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Notes on Character
Transcript of Notes on Character
Point of View
Who Tells the Story
1) First Person
3)Omniscient (3rd Person)
4) Limited Omniscient
The author disappears into one of the characters, who tells the story in the first person and refers to himself or herself as I or Me.
This character may either be a major or minor character, the protagonist, or an observer.
The author simply tells the story from the perspective of an onlooker.
The narrator disappears into a kind of roving sound camera. This camera can go anywhere but can only record what is seen and heard.
It cannot comment, interpret, or enter a character’s mind.
The narrator is not a character in the story, but rather a “voice” that tells the story using the pronouns he, she, and they.
Omniscient (3rd Person)
The narrator is called omniscient if he or she knows the thought and feelings of two or more characters.
The author is able to see the thoughts of only ONE character.
What have you read that's in First Person??
Central character or Hero of a literary work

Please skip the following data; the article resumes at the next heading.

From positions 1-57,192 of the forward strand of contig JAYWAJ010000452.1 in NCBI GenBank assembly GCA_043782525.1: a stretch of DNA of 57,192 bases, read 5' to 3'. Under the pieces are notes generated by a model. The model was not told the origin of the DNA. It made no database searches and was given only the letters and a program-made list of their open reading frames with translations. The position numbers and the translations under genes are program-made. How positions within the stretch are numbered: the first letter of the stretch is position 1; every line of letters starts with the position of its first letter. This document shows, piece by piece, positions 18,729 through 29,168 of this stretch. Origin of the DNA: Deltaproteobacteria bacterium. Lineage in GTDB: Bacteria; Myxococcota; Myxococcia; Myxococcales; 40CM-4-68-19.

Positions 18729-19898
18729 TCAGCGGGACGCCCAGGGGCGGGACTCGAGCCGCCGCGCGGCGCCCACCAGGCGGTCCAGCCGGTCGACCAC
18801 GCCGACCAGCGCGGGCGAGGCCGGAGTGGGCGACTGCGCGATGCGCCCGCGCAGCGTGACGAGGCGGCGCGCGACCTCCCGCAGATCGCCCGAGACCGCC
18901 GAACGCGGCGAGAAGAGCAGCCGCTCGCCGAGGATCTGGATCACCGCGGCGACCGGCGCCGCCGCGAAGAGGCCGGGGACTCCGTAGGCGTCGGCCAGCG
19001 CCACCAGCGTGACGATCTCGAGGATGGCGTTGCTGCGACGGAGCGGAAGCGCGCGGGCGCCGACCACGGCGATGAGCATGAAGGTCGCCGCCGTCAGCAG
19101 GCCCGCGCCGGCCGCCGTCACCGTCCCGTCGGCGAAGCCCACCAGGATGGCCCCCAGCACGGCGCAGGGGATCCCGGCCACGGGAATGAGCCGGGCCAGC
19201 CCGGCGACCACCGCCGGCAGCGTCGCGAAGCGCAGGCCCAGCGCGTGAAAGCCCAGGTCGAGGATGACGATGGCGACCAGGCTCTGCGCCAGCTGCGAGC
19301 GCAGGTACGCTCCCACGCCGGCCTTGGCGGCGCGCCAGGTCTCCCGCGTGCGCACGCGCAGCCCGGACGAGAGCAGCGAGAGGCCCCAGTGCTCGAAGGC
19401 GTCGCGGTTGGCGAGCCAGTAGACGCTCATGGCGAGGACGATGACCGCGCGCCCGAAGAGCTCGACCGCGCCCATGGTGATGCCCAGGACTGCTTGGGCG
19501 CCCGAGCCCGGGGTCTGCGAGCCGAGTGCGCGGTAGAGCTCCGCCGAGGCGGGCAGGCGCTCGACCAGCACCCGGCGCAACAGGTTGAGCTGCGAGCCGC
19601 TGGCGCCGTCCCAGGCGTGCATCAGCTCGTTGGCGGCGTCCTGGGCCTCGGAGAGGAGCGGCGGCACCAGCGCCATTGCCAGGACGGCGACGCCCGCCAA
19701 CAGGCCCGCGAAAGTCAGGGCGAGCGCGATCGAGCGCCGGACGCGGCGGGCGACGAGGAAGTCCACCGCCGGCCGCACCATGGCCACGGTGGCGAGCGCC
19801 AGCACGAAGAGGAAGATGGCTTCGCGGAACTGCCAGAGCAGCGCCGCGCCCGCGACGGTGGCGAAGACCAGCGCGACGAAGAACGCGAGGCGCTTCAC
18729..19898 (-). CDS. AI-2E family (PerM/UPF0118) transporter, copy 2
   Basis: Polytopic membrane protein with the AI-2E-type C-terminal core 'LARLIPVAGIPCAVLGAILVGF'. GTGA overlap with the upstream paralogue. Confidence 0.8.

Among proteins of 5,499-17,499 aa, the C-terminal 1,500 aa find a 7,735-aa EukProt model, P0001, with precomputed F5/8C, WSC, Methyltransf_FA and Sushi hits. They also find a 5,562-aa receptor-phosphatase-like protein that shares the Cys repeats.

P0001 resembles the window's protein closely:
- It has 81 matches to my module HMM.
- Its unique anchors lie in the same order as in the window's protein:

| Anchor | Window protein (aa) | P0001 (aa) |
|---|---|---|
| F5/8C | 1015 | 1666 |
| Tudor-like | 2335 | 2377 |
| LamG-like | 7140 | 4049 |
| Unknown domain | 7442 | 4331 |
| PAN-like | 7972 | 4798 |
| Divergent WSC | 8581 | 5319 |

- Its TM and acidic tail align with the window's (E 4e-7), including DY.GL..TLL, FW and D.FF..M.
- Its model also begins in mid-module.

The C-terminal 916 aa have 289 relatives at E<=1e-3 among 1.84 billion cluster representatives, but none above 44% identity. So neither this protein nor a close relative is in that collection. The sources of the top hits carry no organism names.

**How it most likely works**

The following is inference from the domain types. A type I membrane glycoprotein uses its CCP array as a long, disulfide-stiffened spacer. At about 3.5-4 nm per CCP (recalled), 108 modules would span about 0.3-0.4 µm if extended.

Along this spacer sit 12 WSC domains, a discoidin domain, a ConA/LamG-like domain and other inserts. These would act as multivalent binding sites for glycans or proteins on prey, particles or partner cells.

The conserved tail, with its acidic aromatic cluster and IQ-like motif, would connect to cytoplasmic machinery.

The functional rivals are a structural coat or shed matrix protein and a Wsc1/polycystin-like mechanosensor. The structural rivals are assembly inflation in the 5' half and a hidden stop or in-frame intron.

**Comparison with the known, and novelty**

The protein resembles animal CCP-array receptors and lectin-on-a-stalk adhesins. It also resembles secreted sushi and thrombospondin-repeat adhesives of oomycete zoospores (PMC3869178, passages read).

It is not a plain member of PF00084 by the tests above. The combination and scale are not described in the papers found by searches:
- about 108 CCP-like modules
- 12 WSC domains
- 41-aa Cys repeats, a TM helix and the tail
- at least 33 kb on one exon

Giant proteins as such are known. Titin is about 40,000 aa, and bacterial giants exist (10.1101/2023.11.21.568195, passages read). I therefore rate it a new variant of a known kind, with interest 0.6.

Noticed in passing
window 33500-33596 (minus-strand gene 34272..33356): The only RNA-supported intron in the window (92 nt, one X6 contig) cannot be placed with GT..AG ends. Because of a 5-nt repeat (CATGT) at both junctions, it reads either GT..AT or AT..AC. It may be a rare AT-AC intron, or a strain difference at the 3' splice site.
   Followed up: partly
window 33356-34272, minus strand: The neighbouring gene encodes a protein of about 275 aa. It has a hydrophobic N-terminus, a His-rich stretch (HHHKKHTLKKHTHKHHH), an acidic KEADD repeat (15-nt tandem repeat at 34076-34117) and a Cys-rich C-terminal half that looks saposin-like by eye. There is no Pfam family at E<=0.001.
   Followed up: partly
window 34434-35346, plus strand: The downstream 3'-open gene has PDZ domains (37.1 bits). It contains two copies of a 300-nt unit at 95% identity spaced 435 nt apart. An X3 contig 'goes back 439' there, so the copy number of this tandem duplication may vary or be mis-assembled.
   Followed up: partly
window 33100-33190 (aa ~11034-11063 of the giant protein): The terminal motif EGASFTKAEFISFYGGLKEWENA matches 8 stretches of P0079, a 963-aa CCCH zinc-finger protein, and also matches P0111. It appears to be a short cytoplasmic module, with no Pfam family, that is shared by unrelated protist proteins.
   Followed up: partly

Forces arrayed against the protagonist whether it be another
(b) a thing,
(c) a convention of society,
(d) or even traits of his own character.
Types of Characters
•Complex and many sided
•Well developed, closely involved in and responsive to the action.
•Characterized by one 1 or 2 traits; they can be summed up in one sentence.
•Barely developed or stereotypical
•A special kind of flat character. They are easily identifiable who behave so predictably that readers can readily recognize them.
•A character that undergoes a permanent change, developing in some aspect of character, personality, or outlook in the course of the story.
•A character that is the same at the end of the book as he or she was in the beginning of the book.
•May face the same challenges a dynamic character might face but still remains essentially unchanged.
• (some flat characters) Characterized by a single dominant trait.
The narrator tells readers what a character is like.
The narrator shows what a character is like.